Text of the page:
Latvian national - missing and found too late - the aftermath

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#1 Apr 23rd, 2018, 13:10
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Latest on India Today website claims there seems to be no foul play...
Last edited by Forum Leader; Apr 27th, 2018 at 12:45..
#2 Apr 23rd, 2018, 13:24
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I think the police could have waited for the forensic reports to come in before making that statement.
It could pretty well turn out to be that based on what they may have seen at the site - but the reports would have given them conclusive evidence to make the statement.
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#3 Apr 23rd, 2018, 14:27
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My wife Liga is MISSING in Kerala.. HELP!!

Maybe... But, according to some other article I read, they are getting criticised for holding out until they get post-mortem results before saying anything. So perhaps they are in a can't-win situation.

In general, it makes me wonder what can be expected by those who encounter crime or disaster in a foreign land. Does foreigner/visitor status endow some sort of vip status on them? Do the economics of the tourist trade require that it should? I don't know....
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#4 Apr 23rd, 2018, 14:43
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Originally Posted by Nick-H View Post Maybe... But, according to some other article I read, they are getting criticised for holding out until they get post-mortem results before saying anything. So perhaps they are in a can't-win situation.

In general, it makes me wonder what can be expected by those who encounter crime or disaster in a foreign land. Does foreigner/visitor status endow some sort of vip status on them? Do the economics of the tourist trade require that it should? I don't know....
The family have been awarded 5lakh so they have VIP status.
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#5 Apr 23rd, 2018, 15:52
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Originally Posted by JOHNLORD View Post The family have been awarded 5lakh so they have VIP status.
Add to that, the Govt. has proposed to transport the mortal remains of the deceased back to her native country, free of cost. Not that these would lessen the grief of the family, nor the Govt. is doing any favour to them, but yes, in a country where there are hundreds of deaths occurring every day, these announcements do seem like they are made by keeping some other angles in mind, as suggested by JohnLord above.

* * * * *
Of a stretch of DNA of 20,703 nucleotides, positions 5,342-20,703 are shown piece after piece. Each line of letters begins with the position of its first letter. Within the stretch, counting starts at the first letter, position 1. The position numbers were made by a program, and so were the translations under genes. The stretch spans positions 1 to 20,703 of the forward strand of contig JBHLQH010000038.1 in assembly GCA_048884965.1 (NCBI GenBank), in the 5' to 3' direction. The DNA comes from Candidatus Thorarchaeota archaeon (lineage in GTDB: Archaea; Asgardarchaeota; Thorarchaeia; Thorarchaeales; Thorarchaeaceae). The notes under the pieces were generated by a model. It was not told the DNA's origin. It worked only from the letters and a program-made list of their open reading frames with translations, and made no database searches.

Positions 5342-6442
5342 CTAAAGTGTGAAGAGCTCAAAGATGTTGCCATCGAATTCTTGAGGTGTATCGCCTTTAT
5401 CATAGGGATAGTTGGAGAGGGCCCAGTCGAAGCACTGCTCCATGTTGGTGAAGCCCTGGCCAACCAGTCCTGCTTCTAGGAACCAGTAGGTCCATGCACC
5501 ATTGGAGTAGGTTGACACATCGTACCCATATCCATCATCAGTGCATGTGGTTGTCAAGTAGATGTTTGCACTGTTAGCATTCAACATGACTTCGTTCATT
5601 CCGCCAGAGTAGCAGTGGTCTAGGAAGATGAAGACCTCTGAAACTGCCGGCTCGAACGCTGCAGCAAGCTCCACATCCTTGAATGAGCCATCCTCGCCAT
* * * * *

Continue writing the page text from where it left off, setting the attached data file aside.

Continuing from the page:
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#6 Apr 23rd, 2018, 16:15
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There is a rash of monetary awards to victims and their families. No doubt it had its roots in the trying to ease the lives of those who may have lost the primary earner of the family. Now it seems like some sort of excuse or alternative to genuine concern and action on the part of politicians.

Financing the return of the mortal remains seems more genuinely helpful. However, the cynic in me supposes that more than a few tourists must die during their trips, and this is probably only done where circumstances have created publicity.

I do really hope that there is a genuine investigation in the case, to bring some sort of peace of mind (I think the modern term is closure) to the family.

I also think it matters to India. Perhaps it is a very small thing in the overall picture of the country's international image, but it is not so small to a place where tourism, if it is not already, is becoming the prime industry.
#7 Apr 23rd, 2018, 20:42
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Kerala: No injuries found on Latvian woman’s body
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THIRUVANANTHAPURAM: The doctors who conducted the postmortem of Liga Skromane, a Latvian woman who went missing since March 14, informed police that there were no internal injuries that could harm the bones or internal organs. All the internal organs were intact.

Though the head and one of her legs were found detached from the body, it appeared to have happened naturally after death, apparently during the decomposition stage. The right limb has come off from the knee socket when the skin and muscles covering it decayed and no external force seem to have been applied there.

The doctors told these facts to the police when the latter met them as part of the probe.

“According to the doctors, there is no incise wounds or fractures on the bones,” said city police commissioner P Prakash. The bones around the neck too were unharmed. If there was any attempt of strangulation, these bones could have sustained injuries too.

Internal organs, including viscera, collected from the body were sent to chemical examiners laboratory here to examine whether she was poisoned. There were pong pong trees on the spot, where her body was found. Another suspicion regarding her death is that she knowingly or unknowingly consumed the pong pong fruits, leading to the death.

“All agencies associated with the probe are working fast to get the results quickly,” the commissioner said, adding that the authorities of forensic science laboratory, who are carrying out the DNA test to confirm the identity of the deceased, and the chemical examiner’s laboratory have promised to provide the results in a few days’ time. The doctors, who conducted the autopsy too have promised to provide the official report before Wednesday,” Prakash said.